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CICAD leads street youth to a brighter future.

The streets of the Hemisphere are home to hundreds of thousands, perhaps millions of children, some as young as five and six years old. In Latin America and the Caribbean, they typically earn a living by washing car windshields, shining shoes, "protecting" parked cars, selling matches, begging or petty thievery. Growing numbers of sexually exploited youth of both sexes work as prostitutes, with all the attendant dangers of AIDS and other sexually transmitted diseases, early pregnancy, and backroom abortions. Very young girls run the risk of bearing drug-addicted babies or children with birth defects. Thrown into a hostile environment many, if not most, of these children use drugs and sniff glue, in an effort to escape their daily reality of poverty, hunger and despair.

In 1981, eighty percent of street youth in Sao Paulo had used inhalants, according to Dr. Carlini, a noted researcher in Brazil. Street kids also work for adult drug dealers as lookouts or small distributors, and may receive part of their payment in the form of marijuana, coca paste or inhalants. Some street children return to their homes at night, their earnings contributing to the family economy. Too many, however, have been forced from their homes by parental abuse or drunkenness, and sleep in parks, sewers or doorways. Street children have little access to education or health care; they live on the outer margins of society in countries burdened by debt, heavy unemployment and disease.

The problem of street children must be confronted not only to help the children already trapped but to prevent others from entering the cycle of poverty and drug abuse. Many institutions around the globe are trying to care for street children in Latin America, but they generally operate on a shoe-string budget and rely on volunteers who rarely have the time to expand their efforts beyond today's needs and look at the longer term solutions.

The Inter American Drug Abuse Control Commission (CICAD) of the Organization of American States, has initiated programs to combat the problem of youth drug addiction from its roots. CICAD's first goal is to promote inter-American cooperation to attack the complex transnational chain of drug production and use. CICAD also conducts workshops and training programs on a grassroots level, from establishing new drug regulations to researching inhalant abuse among street children.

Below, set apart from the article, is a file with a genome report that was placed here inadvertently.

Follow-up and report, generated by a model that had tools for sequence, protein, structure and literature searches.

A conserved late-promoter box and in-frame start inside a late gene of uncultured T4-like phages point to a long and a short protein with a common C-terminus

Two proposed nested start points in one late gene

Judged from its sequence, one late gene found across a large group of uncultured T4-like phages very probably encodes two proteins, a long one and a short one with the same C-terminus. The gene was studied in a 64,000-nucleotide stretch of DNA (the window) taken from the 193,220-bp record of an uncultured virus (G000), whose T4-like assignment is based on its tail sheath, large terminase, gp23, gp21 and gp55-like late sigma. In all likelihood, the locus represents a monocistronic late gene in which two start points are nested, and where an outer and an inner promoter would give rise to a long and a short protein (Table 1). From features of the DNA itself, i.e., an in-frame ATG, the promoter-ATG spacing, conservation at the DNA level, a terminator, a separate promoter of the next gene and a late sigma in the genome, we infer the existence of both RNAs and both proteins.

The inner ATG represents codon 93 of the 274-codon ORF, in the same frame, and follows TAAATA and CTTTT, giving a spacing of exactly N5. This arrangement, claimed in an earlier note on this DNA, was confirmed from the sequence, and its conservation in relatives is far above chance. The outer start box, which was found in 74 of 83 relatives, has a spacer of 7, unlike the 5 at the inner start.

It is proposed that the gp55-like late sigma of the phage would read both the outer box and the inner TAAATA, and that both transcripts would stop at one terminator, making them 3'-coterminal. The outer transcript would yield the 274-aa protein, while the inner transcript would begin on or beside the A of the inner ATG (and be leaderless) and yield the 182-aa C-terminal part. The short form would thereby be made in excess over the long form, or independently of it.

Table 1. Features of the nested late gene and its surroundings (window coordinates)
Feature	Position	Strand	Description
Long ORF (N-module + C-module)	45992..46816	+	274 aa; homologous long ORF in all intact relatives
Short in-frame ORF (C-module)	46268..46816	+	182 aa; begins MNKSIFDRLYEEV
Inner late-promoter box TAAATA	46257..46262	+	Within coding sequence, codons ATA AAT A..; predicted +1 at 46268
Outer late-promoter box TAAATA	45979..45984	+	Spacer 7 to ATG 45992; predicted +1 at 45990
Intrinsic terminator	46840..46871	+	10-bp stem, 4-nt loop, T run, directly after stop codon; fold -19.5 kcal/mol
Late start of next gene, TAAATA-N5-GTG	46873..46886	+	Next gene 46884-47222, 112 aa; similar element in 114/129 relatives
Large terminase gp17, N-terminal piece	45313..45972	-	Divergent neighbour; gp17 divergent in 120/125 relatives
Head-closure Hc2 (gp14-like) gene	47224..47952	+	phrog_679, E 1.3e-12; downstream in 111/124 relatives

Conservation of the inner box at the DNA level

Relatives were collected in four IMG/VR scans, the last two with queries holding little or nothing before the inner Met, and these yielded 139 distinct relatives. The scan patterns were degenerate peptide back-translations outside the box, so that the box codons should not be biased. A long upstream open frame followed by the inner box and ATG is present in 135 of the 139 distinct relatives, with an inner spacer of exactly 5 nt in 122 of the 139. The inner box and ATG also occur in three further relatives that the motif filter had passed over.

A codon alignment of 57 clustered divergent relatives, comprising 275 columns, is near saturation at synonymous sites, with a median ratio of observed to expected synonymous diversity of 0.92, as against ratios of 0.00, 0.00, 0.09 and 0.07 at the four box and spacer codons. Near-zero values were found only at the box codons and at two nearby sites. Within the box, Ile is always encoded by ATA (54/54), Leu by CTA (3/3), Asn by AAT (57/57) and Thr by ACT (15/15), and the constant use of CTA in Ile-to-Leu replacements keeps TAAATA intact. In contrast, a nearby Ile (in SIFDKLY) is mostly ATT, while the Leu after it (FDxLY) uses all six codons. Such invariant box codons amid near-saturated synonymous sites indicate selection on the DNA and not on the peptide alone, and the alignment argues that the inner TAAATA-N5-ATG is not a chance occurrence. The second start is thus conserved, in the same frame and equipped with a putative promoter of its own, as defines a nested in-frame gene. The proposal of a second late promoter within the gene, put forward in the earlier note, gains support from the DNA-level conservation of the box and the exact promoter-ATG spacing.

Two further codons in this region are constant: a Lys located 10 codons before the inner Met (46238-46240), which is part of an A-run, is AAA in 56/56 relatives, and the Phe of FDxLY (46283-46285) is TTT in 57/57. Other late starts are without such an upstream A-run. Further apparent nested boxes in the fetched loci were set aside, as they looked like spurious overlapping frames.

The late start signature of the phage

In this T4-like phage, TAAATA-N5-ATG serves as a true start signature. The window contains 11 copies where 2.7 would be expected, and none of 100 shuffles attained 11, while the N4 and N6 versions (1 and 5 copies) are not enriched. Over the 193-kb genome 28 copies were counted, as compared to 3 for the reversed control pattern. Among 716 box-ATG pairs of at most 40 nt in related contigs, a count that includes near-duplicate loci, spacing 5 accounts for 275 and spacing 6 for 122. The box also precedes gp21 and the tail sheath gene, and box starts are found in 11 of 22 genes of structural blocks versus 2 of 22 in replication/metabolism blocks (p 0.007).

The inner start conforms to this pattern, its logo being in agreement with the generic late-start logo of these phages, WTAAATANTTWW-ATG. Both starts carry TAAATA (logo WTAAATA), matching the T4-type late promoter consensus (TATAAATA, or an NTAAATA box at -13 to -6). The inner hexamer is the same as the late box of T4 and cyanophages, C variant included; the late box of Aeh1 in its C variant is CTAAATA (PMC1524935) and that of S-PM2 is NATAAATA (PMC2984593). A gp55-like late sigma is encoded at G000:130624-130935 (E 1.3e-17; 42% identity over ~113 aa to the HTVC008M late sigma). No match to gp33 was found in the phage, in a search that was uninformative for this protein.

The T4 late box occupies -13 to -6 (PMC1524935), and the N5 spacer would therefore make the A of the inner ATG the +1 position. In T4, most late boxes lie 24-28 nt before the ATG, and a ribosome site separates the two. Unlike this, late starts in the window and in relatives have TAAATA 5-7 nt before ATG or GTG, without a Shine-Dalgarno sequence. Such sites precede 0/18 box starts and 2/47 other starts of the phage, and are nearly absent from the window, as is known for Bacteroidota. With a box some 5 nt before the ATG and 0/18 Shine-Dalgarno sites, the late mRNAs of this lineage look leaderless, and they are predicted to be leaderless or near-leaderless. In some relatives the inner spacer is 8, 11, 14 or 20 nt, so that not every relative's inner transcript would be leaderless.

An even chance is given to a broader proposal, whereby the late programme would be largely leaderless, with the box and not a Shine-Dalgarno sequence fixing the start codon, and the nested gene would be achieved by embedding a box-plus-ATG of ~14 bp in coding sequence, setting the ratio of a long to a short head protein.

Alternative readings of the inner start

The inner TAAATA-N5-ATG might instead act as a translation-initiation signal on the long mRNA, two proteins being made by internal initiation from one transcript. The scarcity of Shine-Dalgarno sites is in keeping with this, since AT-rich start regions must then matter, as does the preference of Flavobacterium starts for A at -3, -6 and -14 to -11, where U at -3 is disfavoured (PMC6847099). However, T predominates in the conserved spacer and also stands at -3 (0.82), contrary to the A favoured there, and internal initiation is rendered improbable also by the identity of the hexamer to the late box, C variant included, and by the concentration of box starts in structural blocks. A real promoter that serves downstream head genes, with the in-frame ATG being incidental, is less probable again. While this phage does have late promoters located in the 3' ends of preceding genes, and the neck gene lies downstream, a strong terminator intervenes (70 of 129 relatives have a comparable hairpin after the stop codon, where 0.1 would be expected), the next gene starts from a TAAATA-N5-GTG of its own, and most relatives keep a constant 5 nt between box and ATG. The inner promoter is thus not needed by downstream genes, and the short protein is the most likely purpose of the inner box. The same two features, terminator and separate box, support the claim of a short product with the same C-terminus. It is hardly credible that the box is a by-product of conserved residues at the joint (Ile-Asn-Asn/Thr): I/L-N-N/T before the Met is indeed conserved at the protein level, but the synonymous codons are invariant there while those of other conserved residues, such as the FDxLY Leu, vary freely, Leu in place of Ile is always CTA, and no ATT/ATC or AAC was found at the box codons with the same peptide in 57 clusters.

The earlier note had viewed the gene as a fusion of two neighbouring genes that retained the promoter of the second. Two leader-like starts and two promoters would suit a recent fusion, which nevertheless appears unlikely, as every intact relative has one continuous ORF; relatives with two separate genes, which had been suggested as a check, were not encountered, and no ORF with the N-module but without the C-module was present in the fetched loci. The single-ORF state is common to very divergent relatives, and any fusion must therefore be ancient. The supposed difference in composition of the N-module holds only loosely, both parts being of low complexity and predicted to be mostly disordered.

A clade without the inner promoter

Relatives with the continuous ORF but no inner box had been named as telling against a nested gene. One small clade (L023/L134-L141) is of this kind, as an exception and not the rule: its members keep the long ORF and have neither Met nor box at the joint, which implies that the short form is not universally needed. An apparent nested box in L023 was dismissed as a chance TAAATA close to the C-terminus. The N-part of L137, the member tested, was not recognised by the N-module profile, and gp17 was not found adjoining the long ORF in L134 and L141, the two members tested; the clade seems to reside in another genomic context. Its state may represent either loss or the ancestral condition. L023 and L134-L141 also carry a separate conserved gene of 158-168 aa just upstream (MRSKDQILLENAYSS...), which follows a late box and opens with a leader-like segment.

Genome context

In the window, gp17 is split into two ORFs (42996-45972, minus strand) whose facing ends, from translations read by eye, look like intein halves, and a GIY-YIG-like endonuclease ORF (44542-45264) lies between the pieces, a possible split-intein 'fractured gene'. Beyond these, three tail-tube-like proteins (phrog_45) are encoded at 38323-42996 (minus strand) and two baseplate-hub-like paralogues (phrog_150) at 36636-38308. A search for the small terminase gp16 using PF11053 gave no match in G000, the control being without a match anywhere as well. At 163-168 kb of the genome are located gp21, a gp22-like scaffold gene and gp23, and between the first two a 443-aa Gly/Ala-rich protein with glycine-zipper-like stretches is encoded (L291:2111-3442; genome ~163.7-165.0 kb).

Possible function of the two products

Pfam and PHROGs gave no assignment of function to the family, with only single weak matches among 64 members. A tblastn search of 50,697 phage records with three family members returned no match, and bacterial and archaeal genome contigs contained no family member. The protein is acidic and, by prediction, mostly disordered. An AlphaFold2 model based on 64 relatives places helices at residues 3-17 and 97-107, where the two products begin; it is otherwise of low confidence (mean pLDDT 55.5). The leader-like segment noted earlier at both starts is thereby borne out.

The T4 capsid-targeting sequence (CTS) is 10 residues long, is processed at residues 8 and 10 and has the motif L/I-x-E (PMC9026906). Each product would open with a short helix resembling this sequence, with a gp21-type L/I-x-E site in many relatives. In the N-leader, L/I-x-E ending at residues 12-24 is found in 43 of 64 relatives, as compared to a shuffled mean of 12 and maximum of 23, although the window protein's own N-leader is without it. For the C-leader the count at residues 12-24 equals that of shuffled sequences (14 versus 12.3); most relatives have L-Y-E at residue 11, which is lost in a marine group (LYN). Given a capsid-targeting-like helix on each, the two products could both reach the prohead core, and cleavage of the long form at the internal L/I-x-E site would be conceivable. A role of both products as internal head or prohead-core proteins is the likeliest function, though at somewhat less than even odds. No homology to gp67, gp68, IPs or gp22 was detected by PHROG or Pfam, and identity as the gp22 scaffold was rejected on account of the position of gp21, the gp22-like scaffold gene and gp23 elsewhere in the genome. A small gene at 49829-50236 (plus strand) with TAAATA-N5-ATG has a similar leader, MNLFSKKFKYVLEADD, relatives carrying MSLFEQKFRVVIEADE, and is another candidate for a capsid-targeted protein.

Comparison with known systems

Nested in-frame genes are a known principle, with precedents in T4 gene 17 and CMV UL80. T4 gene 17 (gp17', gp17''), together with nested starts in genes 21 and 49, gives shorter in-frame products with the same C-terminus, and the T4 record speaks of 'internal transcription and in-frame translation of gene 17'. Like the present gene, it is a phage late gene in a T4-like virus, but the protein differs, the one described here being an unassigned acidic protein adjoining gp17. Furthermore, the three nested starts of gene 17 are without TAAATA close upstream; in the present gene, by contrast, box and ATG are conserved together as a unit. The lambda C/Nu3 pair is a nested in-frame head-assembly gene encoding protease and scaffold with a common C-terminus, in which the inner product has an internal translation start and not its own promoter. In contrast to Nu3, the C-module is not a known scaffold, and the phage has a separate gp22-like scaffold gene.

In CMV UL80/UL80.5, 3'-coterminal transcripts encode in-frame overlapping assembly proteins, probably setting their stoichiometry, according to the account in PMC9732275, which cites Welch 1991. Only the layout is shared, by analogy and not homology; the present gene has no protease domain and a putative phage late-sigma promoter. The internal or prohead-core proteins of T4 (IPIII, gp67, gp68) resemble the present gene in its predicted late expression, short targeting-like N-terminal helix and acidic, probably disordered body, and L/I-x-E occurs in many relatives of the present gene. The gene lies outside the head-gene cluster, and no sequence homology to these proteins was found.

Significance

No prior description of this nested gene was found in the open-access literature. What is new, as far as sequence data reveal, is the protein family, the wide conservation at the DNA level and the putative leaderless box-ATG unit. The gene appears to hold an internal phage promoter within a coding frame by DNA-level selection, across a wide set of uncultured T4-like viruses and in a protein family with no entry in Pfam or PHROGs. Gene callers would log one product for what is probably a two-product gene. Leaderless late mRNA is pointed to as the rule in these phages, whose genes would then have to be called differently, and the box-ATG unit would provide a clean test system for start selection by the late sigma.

CICAD research has shown that children who are taught basic vocational skills and the behavioral habits needed for them to operate in the "conventional" world can become excellent entrepreneurs. Street children who form and manage micro-businesses of a licit kind seem to stop taking drugs. Occupational training, income-generating projects and non-formal education appear to be the keys to success.

A locally-based program backed by CICAD supports institutions working with street children in the Andean Region through small seed-fund grants, training and technical assistance. Through one of these programs, Fundacion Ninos de los Andes, hundreds of street children have been rescued literally from the sewers, given care and education, and placed in regular jobs in the country's petroleum and farming industries, carpentry and other services. "I have never seen so much suffering in my life," explains Ann Luskin, once a volunteer for the Fundacion, now a full-time staff member. Luskin helps children become selfsufficient, rehabilitate their drug habits and learn skills which will reintegrate them into the workplace. Overall, the program has had a 75 percent success rate.

Another organization, Enda-Bolivia in El Alto has helped over 150 street children set up three self-supporting businesses: a paper recycling operation, a small factory which manufactures sidewalk paving stones, and a workshop that makes and sells wooden jigsaw puzzles and postcards.

An important aspect of the CICAD program is to network the strategies and results of various programs to other institutions. Luskin remembers one such success. Andres was found in the sewers at age 11. Six years later, he has completed a high school education, obtained a steady job and earned a tennis scholarship which will take him to the United States for a year. Belief in the potential of children like Andres is the first step in remedying our shared hemispheric problem of youth living in the streets.

Anna Chisman is the Demand Reduction Specialist for CICAD.
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Title Annotation:Inter-American Drug Abuse Control Commission
Author:Chisman, Anna
Publication:Americas (English Edition)
Date:Jul 1, 1992
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